Will IBM’s Watson Kill Your Career?

IBM’s Watson made major headlines last year when it trounced its human rivals on Jeopardy. But Watson isn’t just sitting around spinning trivia questions to stump the champs: IBM is working hard on taking it into a series of vertical markets such as healthcare, contact management and financial services to see if the system can be used for diagnosing diseases and catching market trends. Does this spell the end of your BI career? Not really, but it does raise some interesting thoughts and issues.

I had the chance to see Watson up close and personal at the St. Louis Gateway to Innovation conference in April. There, IBM had a kiosk modeled after the Jeopardy show. You picked information categories and received answers, for which you needed to type the matching questions.

It was interesting, because you got to see how Watson “thinks” and formulates its replies. I barely started typing before it finished figuring out its (correct) question. The kiosk didn’t contain the actual Watson computer: it was just a remote interface back to IBM Research, where the system really resides. You can see a picture of part of the kiosk here, and how it judges among three different possible responses, along with assigning confidence values to each:

For a better idea of how exactly Watson reasons and learns from its data, you can watch this YouTube recording of Dr. David Ferrucci, IBM Fellow and Principal Investigator for Watson, who spoke at the Future of Health Technology Summit last month. Watson’s programming relies on three different kinds of reasoning: temporal, statistical, and geospatial. 

Now, I consider myself a fairly decent Jeopardy player: when I watch the show on TV, I can usually blurt out the right question more than half the time. But that’s sitting in the comfort of my own living room, and not at a keyboard. When it came to standing in front of the Watson kiosk, I choked. Big time. I couldn’t even start typing before it had figured things out. It was embarrassing. Now I know how those Jeopardy champs felt.

Watson is far from perfect: On the televised Jeopardy show last year, Watson flamed out on the Final round, when it confused the location of the Chicago airports and gave its answer “What is Toronto.” Even I got that one right.

At the kiosk, I began to see how Watson works: it examines a lot of different possibilities, and then starts adjusting its confidence intervals bit by bit. It looks for patterns, for relevance, for data relationships; not unlike what your typical BI analyst does when presented with a mountain of data.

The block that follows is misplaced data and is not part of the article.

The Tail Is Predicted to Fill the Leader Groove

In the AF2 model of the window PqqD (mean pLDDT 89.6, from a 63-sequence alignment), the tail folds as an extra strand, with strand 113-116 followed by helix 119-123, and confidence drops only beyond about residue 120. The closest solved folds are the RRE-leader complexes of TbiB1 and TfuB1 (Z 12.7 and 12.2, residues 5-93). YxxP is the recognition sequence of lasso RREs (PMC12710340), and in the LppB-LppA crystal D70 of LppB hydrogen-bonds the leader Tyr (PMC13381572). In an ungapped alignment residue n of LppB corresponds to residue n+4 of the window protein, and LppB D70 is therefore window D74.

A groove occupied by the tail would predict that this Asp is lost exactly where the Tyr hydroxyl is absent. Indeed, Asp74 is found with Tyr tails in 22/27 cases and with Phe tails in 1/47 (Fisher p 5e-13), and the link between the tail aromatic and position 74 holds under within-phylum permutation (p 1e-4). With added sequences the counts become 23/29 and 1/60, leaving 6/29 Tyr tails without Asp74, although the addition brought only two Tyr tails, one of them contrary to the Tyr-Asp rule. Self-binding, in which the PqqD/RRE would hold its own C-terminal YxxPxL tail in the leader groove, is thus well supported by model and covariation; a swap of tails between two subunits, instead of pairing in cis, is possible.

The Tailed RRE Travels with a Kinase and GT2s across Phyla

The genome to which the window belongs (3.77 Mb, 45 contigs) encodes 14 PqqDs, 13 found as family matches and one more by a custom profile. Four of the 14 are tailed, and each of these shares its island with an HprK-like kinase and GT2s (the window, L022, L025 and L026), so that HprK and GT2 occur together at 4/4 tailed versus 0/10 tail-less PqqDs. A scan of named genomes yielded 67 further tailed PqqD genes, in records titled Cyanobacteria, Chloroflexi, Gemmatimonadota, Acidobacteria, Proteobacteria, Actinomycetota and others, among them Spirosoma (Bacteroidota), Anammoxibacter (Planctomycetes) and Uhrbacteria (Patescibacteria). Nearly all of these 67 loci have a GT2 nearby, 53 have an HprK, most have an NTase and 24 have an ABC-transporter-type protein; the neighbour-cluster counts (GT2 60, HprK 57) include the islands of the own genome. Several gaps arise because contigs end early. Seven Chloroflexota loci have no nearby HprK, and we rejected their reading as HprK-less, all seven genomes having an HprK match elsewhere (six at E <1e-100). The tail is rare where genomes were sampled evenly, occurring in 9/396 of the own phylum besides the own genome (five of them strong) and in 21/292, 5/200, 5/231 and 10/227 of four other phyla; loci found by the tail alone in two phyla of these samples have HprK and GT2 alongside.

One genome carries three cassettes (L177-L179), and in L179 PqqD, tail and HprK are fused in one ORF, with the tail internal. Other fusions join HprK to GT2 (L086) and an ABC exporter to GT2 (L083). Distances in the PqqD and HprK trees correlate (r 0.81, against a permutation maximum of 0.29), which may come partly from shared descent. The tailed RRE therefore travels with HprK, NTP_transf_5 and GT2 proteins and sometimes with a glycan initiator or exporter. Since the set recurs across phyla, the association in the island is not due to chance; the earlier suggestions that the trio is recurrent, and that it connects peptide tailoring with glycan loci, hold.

Retraining

The rub is that Watson is only as good as its human trainers are—and there’s a considerable amount of training involved. There are 220 people involved in the Watson project, a large staff devoted to thinking up ways to stump the machine. They needed more than a week to load in a new database for each Jeopardy software build.

For the medical apps currently under development, it still takes the team several days to retrain Watson. Part of the problem: understanding how to retire old data, or assign lesser confidence intervals as you learn new things about the subjects under consideration. Knowledge is not a static situation, and we tend to take for granted how we learn things. But it also represents a hard problem for the Watson team.

At the IBM Impact conference in Vegas in May, I sat in on a session where Bob Madey, one of Watson’s developers, discussed the team’s next steps. He mentioned healthcare specifically and showed how a typical patient diagnosis would work with the system. IBM is collaborating with Wellpoint, a major healthcare provider, to improve the process for evaluating a potential patient who either calls or walks into a facility.

Dr. Josko Silobrcic, a medical scientist at IBM Research, told me: “New information is added to Watson in several different ways. On the patient side, the healthcare provider adds their electronic records to the system. On the evidence side, it happens by accessing the latest medical sources such as journal articles or Web-based data and clinical trials.”

He added: “Another way is through training and re-training of Watson. Because Watson leverages machine learning, it needs all three of these methods to evaluate and weigh the new information.”

Part of this training involves the use of known sources, whose answers become a benchmark for ensuring that Watson indeed understands things correctly.